Nikki: I think of it similar to how I think about college. There’s a time and age for it to be glorious but no one wants to hang out with that 7th year senior. Luckily, NYC is so multifaceted that you can still have an exciting life here but it doesn’t have to be just what the twentysomethings are doing (thank god).

Jared: New York City is a garbage fire.

See the whole season of Commuters right now on IFC’s Comedy Crib.

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C'mon Fellas

A Man Mansplains To Men

Why Baroness von Sketch Show is a must-see.

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Mansplaining is when a man takes it upon himself to explain something to a woman that she already knows. It happens a lot, but it’s not going to happen here. Ladies, go ahead and skip to the end of this post to watch a free episode of IFC’s latest addition, Baroness von Sketch Show.

However, if you’re a man, you might actually benefit from a good mansplanation. So take a knee, lean in, and absorb the following wisdom.

No Dicks

Baroness von Sketch Show is made entirely by women, therefore this show isn’t focused on men. Can you believe it? I know what you’re thinking: how will we know when to laugh if the jokes aren’t viewed through the dusty lens of the patriarchy? Where are the thinly veiled penis jokes? Am I a bad person? In order: you will, nowhere, and yes.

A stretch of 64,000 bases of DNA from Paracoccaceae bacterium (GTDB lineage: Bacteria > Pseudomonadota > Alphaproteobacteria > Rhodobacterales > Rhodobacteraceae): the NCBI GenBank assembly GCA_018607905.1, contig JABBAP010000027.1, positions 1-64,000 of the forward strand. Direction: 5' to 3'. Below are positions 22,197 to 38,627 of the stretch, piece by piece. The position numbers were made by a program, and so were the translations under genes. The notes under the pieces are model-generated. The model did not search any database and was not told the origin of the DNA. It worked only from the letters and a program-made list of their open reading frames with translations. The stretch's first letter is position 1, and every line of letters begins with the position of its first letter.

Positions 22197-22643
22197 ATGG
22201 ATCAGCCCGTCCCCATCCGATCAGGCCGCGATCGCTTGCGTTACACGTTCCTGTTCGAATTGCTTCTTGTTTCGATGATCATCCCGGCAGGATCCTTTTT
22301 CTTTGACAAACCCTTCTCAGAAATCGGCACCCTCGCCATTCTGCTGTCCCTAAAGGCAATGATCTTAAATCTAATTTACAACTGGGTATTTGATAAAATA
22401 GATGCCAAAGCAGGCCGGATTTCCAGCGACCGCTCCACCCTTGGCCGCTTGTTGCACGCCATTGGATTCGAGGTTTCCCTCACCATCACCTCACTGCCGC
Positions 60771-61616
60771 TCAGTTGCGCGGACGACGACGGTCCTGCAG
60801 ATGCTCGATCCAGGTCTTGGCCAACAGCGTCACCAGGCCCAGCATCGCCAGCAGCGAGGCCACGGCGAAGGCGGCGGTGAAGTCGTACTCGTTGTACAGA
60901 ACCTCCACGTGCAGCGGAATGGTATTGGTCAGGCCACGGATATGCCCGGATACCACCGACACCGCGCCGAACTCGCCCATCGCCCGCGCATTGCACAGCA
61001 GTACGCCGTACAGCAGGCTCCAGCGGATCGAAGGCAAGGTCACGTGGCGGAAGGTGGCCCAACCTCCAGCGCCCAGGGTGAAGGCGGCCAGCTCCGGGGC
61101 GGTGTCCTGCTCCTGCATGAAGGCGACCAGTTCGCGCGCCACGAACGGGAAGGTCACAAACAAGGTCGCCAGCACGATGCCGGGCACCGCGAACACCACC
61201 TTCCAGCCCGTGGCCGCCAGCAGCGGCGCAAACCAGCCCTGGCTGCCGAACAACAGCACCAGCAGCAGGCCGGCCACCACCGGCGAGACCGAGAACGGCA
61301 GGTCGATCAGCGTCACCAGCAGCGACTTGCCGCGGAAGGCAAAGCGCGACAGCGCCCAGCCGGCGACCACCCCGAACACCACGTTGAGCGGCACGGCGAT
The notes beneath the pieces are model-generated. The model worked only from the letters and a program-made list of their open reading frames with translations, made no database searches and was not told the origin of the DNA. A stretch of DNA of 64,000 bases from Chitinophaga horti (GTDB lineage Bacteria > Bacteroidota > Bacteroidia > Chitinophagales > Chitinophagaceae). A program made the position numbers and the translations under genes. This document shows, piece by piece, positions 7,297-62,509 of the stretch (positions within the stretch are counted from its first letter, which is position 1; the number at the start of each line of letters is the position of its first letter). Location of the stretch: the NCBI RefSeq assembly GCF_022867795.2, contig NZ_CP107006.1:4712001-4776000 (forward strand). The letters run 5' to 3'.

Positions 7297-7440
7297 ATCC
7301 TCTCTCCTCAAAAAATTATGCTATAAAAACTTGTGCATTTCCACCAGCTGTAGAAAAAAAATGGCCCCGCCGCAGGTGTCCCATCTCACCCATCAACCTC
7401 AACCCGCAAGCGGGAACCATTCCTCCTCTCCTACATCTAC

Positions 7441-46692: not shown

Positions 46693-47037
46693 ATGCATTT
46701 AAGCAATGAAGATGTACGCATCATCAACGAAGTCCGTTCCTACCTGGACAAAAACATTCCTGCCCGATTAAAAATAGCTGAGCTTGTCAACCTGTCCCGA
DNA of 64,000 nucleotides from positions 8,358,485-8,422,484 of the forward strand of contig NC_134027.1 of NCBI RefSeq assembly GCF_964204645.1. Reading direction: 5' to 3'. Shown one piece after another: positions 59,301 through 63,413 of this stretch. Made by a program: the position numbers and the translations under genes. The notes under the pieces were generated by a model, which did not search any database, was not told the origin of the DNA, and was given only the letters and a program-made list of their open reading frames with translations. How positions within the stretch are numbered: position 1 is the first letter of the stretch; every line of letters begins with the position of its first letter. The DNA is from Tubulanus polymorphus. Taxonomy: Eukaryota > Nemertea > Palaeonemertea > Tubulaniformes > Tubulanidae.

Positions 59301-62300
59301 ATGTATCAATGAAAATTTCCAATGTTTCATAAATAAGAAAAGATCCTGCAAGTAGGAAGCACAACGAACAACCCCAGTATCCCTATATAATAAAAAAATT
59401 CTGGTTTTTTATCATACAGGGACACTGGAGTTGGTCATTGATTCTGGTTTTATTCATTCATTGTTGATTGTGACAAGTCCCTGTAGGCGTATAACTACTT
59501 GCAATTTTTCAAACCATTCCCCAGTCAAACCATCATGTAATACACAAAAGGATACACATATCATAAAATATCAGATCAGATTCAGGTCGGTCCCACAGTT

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Huge Balls

Did you know that there’s more to life than poop jokes, sex jokes, body part jokes? I mean, those things are all really good things, natch, and totally edgy. But Baroness von Sketch Show does something even edgier. It holds up a brutal funhouse mirror to our everyday life. This is a bulls**t world we made, fellas.

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Oh Canada

After you watch the Canadian powerhouses of Baroness von Sketch Show and think to yourself “Dear god, this is so real” and “I’ve gotta talk about this,” do yourself a favor and think a-boot your options: Refrain from sharing your sage wisdom with any woman anywhere (believe us, she gets it). Instead, tell a fellow bro and get the mansplaining out of your system while also spreading the word about a great show.

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Dudes, that’s the deal.
Women, start reading again here:


Check out the preview episode of Baroness von Sketch Show and watch the series premiere August 2 on IFC.